By Andra Bryan Stefanoni
Globe Staff Writer
JOPLIN, Mo. —
A study of Joplin residents by students from Drury University in Springfield has identified ways that victims of disasters cope afterward, and which ways are helpful and which are harmful.
Drury students asked 87 survivors of the May 22 tornado who sought help at Misti’s Mission in Joplin a battery of more than 100 questions to assess their coping abilities. Each person who was interviewed received a $25 gift card to Wal-Mart for taking part in the study.
The questions were used to ascertain if the survivors were suffering from depression, anxiety, post-traumatic stress disorder or other stress-related maladies.
The team assessed whether survivors were in the storm’s path when it hit, whether they thought they could have been hurt or killed, whether they had family members in the storm, and whether those family members had been hurt or killed. The students also examined how survivors coped in the aftermath of the tornado — be it through exercise, prayer, interaction with friends and family, or the use of drugs and alcohol.
Jennifer Silva Brown, an assistant professor of psychology at Drury, said the goals are to distinguish between those who are struggling and those who are resilient and healthy after a disaster, and to understand which characteristics promote a healthy adjustment to post-disaster life.
The study expanded on one Silva Brown did with survivors of hurricanes Katrina and Rita while she was a graduate student at Louisiana State University.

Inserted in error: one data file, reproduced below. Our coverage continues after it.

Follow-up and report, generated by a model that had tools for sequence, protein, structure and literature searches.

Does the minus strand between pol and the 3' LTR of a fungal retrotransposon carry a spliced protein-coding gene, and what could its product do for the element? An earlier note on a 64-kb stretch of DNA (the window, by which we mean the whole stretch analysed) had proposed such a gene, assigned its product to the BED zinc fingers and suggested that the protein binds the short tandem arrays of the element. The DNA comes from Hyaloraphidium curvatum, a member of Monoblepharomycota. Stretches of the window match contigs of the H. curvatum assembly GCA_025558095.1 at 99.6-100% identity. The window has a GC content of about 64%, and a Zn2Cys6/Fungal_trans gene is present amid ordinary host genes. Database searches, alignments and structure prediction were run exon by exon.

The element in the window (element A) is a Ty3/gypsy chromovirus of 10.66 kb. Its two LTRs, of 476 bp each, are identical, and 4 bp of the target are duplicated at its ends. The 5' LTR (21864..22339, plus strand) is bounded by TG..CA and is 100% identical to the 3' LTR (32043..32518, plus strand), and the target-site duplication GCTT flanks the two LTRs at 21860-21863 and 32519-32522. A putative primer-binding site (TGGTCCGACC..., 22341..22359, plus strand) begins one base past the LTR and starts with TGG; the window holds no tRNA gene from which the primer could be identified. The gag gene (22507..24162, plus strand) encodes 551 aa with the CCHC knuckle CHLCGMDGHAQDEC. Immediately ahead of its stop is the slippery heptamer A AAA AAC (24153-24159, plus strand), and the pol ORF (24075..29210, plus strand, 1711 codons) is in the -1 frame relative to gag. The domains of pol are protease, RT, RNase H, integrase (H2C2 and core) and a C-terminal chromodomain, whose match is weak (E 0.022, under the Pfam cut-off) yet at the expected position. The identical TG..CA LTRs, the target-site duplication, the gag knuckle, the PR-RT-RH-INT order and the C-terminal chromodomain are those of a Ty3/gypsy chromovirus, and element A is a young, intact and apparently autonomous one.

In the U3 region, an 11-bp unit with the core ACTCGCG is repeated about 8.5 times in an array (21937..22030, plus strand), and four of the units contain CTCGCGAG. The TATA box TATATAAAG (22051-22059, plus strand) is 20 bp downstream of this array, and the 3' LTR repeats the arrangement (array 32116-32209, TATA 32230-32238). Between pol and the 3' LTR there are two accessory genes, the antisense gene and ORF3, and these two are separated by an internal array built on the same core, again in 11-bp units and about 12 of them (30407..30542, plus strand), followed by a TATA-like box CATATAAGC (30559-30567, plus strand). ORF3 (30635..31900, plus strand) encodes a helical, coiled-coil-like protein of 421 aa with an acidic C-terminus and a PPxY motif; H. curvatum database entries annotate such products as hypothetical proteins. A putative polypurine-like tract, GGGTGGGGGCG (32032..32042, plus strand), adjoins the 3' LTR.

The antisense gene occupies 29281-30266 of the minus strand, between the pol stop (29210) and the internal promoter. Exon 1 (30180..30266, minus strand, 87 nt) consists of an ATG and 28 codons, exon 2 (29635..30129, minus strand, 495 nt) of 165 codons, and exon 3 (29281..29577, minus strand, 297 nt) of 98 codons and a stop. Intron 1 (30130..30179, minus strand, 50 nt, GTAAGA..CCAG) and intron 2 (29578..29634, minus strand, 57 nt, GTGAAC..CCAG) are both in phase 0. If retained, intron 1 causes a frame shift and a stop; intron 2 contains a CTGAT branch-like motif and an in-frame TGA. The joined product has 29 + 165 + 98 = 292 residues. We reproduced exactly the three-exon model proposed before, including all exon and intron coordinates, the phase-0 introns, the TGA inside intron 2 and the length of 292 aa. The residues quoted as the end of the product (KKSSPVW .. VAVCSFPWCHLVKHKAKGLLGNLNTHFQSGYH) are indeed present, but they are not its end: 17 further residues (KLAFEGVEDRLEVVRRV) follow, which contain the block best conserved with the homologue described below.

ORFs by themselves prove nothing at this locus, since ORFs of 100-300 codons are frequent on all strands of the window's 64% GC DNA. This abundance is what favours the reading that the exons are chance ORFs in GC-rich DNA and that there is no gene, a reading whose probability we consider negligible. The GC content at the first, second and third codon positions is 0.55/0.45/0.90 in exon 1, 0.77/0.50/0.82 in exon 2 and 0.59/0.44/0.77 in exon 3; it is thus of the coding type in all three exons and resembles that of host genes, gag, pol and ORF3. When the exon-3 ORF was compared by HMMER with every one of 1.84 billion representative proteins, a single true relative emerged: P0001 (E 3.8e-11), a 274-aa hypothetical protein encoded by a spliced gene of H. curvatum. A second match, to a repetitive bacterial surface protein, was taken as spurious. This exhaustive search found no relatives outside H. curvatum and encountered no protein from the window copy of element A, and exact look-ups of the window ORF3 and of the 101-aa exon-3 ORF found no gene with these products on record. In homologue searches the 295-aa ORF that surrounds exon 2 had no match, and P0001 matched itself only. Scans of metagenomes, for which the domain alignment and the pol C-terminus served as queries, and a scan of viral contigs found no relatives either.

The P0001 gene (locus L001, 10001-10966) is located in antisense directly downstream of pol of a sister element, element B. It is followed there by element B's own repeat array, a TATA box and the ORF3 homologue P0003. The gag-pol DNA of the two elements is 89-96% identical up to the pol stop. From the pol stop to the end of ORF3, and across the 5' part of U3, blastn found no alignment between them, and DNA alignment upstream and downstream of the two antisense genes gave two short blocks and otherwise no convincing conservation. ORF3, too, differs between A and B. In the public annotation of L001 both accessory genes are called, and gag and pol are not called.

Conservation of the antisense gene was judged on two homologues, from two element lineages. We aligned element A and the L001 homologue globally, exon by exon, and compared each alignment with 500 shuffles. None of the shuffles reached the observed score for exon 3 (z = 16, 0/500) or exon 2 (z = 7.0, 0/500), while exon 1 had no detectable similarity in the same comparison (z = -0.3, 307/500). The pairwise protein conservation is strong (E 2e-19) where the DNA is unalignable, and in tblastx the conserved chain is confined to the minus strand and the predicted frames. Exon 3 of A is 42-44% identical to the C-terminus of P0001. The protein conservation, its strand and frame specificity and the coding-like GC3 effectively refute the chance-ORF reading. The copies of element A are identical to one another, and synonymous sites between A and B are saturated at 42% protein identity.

For four months, the Drury students worked to enter their data in a computer.
“They were going through each file individually, coded everything twice to ensure there’s no mistake, because we want the most accurate data as possible,” Silva Brown said last week.
“I had students start to pick out themes they wanted to look at, like coping style, social support, post-traumatic stress. Then students and I paired off and looked at trends.”
The initial analysis found that tornado survivors who turned to healthy coping mechanisms — including “positive reframing” (a therapy technique that helps by altering the meaning or value of an event), religion, using emotional support, and acceptance — were the most resilient and reported the lowest levels of depression, anxiety and post-traumatic stress disorder.
The students also found that tornado survivors who exhibited negative coping mechanisms — including self-blame, denial, substance use and disengagement — experienced the lowest level of resiliency.
Silva Brown pointed to students Blake Herd and Paige Nichols as being “instrumental in finding those coping mechanisms.”
Herd said the study “was actually very interesting; the negative ones worked out just as we thought.”
“While the positive styles are a good thing to have, what really predicts PTSD appears to be using the negative ones,” he said. “That’s what we’re really trying to get health professionals to realize, and work with survivors on those coping methods.”
Nichols said it was her first chance to conduct a study off campus, and it was rewarding to know that it worked and that people found it valuable.
“For me, to go out in the Joplin community and do the research, interview people, get significant results, was awesome,” Nichols said.
Silva Brown added: “It really will help the survivors of the next disaster. Inevitably there will be one, and the more we know now, the better we can prepare the next group.”
Drury University students won top honors in the social/behavioral sciences division during a University of Missouri conference for their poster, titled “Coping with the Unexpected: Data from the Joplin Impact Study.” It drew on what they learned after interviewing 87 Joplin residents in the weeks and months after the May 22 tornado.
The students were Blake Herd, Paige Nichols, Alex Duello, Bailey Greene, Morgan Merrell, Melanie Messick and Spencer Prevallet.